News Analysis

Why Kenya’s bishops are launching an anti-corruption campaign

Bishop Philip Anyolo, second from left, chairman of the Kenya Conference of Catholic Bishops (CNS)

Kenya’s Catholic bishops have embarked on a nationwide anti-corruption campaign. The campaign, called “Let Us Break the Chains of Corruption”, was launched on October 5 and is expected to last six months, after which the Church will assess its impact.

Corruption, or graft, is a serious problem in Kenya, an east African nation with a population of almost 50 million (33 per cent of whom are Catholic). The country ranks 144th out of 174 in Transparency International’s corruption perception index. There is a widespread belief among ordinary Kenyans that the country’s so-called “big shots” are deeply corrupt but never brought to justice because they are protected by government officials.

Launching the campaign, Archbishop Philip Anyolo of Kisumu, chairman of the Kenya Catholic Conference of Bishops, said: “By educating citizens on the moral aspects on the issue, we are hopeful that we shall have raised the conscience of the citizens, hence effectively managing to fight the vice.”

When Uhuru Kenyatta was elected president in 2013, he promised to crack down on graft. In 2015, he declared corruption a “national security threat”. But his critics claim that he is using the war against corruption as a pretext to sideline his rivals ahead of elections in 2022.

There is also some scepticism inside the Church. “President Uhuru and his government have promised too much while not walking the walk on the issue,” a priest, who asked not to be named, told the Catholic Herald.

Patrick Ngugi, a Catholic journalist based in the capital Nairobi, told me: “Some of the nation’s ‘big shots’ are ruining the country through this vice. Hence they should face the law.” He said he would only believe that the battle against corruption was serious when “we begin to see the guilty being jailed after facing the law”.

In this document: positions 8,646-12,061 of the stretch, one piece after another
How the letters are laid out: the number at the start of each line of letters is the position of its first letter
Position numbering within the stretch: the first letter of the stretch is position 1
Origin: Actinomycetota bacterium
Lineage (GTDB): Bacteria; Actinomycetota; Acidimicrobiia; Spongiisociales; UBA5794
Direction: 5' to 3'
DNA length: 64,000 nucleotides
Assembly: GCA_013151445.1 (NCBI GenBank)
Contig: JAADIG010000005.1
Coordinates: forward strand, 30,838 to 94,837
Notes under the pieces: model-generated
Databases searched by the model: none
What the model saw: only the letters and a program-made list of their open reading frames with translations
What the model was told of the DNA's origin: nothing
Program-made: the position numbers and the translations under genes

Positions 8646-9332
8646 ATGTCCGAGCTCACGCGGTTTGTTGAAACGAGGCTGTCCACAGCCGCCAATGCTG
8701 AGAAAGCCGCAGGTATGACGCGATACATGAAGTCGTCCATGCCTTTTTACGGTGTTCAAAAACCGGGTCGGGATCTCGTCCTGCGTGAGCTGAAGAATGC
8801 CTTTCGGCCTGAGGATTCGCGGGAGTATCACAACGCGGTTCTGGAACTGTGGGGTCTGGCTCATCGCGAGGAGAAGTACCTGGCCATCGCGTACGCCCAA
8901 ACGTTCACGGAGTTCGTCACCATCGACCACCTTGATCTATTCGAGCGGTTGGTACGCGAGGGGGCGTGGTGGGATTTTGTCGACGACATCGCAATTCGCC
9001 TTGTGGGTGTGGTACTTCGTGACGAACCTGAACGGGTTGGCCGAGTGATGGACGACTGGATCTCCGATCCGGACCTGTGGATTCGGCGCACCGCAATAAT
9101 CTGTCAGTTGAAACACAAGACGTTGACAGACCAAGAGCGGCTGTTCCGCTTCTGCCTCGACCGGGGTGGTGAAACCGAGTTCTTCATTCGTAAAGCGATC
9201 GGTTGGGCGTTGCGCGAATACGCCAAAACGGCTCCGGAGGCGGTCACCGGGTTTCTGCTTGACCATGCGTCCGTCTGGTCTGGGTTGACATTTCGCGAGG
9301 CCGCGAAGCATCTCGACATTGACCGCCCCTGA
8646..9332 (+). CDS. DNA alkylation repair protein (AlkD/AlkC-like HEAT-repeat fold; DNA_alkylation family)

During his visit in Kenya in 2015, Pope Francis raised the issue of graft, pleading with the government to do more to tackle it. He compared corruption to indulging in sugar. “We like it. It’s easy,” he said. “And then we end up in a bad way. So much sugar that we end up being diabetic or our country ends up being diabetic.”

The bishops launched their campaign after Mass at the national shrine in Subukia. The bishops symbolically took off their shoes as they issued the following statement: “We wish to lead the country and every person of good will, to commit himself or herself before God, to fight corruption from the grassroots, up to the highest offices.

“We do so with humility by removing our shoes, in solidarity with those who have suffered and continue to suffer the dehumanising effects of corruption, especially those living in miserable conditions.”

The bishops promised that they would themselves take steps towards financial transparency. “We shall declare publicly the list and accounts of our projects and fundraising initiatives for public scrutiny,” they said.

They concluded: “We, your spiritual leaders, ask every one of you to make this real commitment and be ready to pay the price of integrity and uprightness.”